Chapter 9 – Take time to build power

One of the key ways activists win is by building power for the long term. This means you are able to keep the pressure on decision-makers until they agree to the demands of your campaign. But here’s the challenge: building a long-term movement requires the love, energy and determination of lots of people.

So it’s important to take the time to gradually build the power of your campaign group, by persuading new people to care about climate change, and to get active by joining your campaign.

Have a look at this example from Earthlife Africa, who are doing some really powerful movement building:

SPOTLIGHT: SOUTH AFRICA Start small and keep it simple

We love to work with smaller groups of up to 50 people. When we work with them, we try to simplify what climate change is and what has been done, going as far back as the Rio Summit in 1992 and how that came about. This is so that people have a good historical background into what’s been going on internationally.

Then we go into what is being done, especially by governments.

We focus on the most recent agreement - The Paris Agreement.

But we don't call it an agreement. We say it's a pathway that gets us closer to a climate convention, and then we explain what the government is doing.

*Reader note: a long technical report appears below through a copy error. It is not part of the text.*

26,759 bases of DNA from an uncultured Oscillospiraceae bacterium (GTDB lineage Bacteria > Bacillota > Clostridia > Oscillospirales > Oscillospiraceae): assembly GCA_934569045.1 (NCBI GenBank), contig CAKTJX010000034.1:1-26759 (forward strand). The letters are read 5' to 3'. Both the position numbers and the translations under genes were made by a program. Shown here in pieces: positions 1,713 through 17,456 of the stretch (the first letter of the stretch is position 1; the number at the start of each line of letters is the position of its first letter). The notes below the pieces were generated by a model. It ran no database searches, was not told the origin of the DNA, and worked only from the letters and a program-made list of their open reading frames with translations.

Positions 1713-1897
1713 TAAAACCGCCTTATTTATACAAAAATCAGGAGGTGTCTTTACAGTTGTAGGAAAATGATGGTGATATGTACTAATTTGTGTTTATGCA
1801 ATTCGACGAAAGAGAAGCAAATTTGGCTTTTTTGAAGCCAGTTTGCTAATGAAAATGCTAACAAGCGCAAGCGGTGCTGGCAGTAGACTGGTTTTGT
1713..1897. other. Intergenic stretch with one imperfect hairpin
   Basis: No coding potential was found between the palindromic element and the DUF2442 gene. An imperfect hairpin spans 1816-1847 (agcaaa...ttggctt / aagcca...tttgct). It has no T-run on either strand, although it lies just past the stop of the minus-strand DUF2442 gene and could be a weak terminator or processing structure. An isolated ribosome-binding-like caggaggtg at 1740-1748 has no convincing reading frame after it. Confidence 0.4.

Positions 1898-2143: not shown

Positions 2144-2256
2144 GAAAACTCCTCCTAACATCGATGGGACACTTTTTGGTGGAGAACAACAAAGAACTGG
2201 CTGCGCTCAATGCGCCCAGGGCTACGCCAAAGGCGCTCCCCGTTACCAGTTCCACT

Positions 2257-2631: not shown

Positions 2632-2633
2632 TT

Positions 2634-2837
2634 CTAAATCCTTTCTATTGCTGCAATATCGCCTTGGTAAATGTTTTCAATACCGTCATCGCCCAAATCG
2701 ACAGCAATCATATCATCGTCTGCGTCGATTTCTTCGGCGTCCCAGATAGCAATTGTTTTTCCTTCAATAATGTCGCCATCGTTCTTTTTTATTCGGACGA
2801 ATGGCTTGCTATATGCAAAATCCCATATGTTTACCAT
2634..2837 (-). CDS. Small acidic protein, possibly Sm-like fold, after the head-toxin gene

We go on further to explain what the country's national contributions are as experienced by ordinary people. In this way we try to empower people to talk about the issues from their own perspective and in their own context, without blurring the boundaries that have been drawn by institutions.

Campaigns are rarely won by one or two people who are right. They’re won by diverse, resilient campaigns made up of lots of people from different walks of life.

So, it’s important as you set about your campaign to think carefully about how to gradually build your power by attracting lots of new people, helping them find roles in your campaign.

This example was inspiring because Earthlife Africa take the time needed to really teach people about the history of climate change campaigning, and to help them locate themselves in decades of courageous activism.